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Side-impact collisions, also called broadside or t-bone collisions, can result in some of the most devastating and even fatal car crashes. Because there is often very little to shield the drivers and passengers from the full-impact of the car, these broadside collisions are very serious. The severity of the crash may depend on:
The impact of the collision can sometimes even cause the impacted car to go into a spin or to rollover. In other cases, the initial impact might lead to one or more additional collisions. Because the airbags will only deploy on the first collision, passengers are often left unprotected in these subsequent collisions.
The majority of side-impact collisions occur as a result of a driver failing to yield the way, or by disobeying traffic lights of stop signs. This may be unintentional and a result of distracted driving, or driving under the influence of drugs or alcohol. High speeds can also multiply the severity of these accidents.
Unfortunately, if you are the victim of a side-impact collision, your injuries will often be much more severe than those of the driver who crashed into you. The injuries that result span a wide range, from leg and hip injuries, to neck, back and head injuries. Even something like flying shards of glass can result in severe injuries.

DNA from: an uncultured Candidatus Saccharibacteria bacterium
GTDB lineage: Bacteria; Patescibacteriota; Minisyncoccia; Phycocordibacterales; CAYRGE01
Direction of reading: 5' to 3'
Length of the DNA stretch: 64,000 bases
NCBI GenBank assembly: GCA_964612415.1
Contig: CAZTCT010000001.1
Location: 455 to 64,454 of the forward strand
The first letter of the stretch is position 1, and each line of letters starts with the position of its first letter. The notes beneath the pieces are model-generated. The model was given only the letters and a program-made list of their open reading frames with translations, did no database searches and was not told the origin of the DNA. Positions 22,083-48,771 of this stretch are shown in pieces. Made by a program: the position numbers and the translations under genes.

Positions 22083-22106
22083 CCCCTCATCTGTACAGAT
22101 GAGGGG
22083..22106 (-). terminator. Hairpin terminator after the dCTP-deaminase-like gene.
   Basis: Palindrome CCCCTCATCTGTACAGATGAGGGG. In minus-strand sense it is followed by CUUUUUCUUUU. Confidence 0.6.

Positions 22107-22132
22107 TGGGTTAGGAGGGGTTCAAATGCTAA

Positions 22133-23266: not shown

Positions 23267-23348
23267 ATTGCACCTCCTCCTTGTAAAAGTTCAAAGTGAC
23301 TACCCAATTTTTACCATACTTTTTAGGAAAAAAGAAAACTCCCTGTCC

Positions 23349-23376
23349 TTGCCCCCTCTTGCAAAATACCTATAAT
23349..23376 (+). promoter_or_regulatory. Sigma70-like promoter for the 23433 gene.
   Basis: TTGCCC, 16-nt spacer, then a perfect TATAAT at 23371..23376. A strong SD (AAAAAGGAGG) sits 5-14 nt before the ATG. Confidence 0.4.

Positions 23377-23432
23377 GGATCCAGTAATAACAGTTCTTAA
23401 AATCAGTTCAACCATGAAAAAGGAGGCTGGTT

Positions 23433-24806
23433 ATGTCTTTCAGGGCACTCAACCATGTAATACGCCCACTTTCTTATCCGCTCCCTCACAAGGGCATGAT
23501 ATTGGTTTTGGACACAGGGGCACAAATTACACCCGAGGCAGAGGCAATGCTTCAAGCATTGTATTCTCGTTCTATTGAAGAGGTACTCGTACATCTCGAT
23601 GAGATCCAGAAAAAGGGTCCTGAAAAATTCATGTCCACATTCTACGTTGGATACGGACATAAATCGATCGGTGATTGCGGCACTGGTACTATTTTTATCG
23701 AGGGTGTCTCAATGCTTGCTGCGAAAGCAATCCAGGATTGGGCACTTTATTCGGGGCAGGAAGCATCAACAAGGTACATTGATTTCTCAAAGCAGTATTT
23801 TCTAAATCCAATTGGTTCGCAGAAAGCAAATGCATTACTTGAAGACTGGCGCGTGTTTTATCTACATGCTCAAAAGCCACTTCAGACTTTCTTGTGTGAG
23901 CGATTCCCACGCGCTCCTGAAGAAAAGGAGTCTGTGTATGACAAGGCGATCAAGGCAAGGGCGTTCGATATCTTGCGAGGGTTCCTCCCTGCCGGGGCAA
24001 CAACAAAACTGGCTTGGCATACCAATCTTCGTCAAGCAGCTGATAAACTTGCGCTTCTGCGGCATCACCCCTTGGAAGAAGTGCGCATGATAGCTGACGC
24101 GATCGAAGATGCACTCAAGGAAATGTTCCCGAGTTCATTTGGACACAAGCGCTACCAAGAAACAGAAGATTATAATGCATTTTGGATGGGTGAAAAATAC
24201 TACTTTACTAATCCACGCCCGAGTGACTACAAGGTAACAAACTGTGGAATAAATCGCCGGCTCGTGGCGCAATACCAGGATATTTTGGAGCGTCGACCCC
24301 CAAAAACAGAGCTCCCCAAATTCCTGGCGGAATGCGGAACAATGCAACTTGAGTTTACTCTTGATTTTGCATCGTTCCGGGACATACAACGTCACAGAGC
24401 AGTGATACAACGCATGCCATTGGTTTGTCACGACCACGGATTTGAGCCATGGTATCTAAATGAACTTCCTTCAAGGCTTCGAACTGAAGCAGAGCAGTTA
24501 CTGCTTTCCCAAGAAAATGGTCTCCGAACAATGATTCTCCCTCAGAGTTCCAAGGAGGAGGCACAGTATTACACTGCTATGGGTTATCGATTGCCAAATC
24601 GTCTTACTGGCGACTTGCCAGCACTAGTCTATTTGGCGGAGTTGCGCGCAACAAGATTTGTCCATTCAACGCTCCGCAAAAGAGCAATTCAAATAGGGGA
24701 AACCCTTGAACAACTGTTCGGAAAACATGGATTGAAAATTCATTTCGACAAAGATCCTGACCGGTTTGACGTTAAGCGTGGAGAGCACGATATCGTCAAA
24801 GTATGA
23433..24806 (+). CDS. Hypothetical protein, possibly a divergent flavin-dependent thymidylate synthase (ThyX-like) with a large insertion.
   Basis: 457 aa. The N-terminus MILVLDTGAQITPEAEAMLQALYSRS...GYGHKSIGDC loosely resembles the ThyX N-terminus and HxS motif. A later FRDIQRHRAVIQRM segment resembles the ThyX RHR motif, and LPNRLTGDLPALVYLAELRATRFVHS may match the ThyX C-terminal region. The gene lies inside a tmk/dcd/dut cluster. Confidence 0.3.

Unlike standard frontal air bags, side-impact air bags (SABs) are not yet required in all vehicles on the road. When SABs are present, the head, neck and chest are more protected from the collision. They may remain inflated for several seconds, in order to protect passengers in the case of a rollover. The NHTSA states that these SABs are extremely effective and severely decrease the chance of a fatality in a side-impact collisions. Most of these fatalities result from brain injuries, and SABs are designed to minimize such injuries.
If you have been in a side-impact collision, your injuries are likely severe and you will need to ensure that you are properly compensated. Insurance companies will pressure you to sign a settlement, but you should contact an attorney first. Only an experienced attorney can safeguard your rights while you focus on your physical health and recovery.
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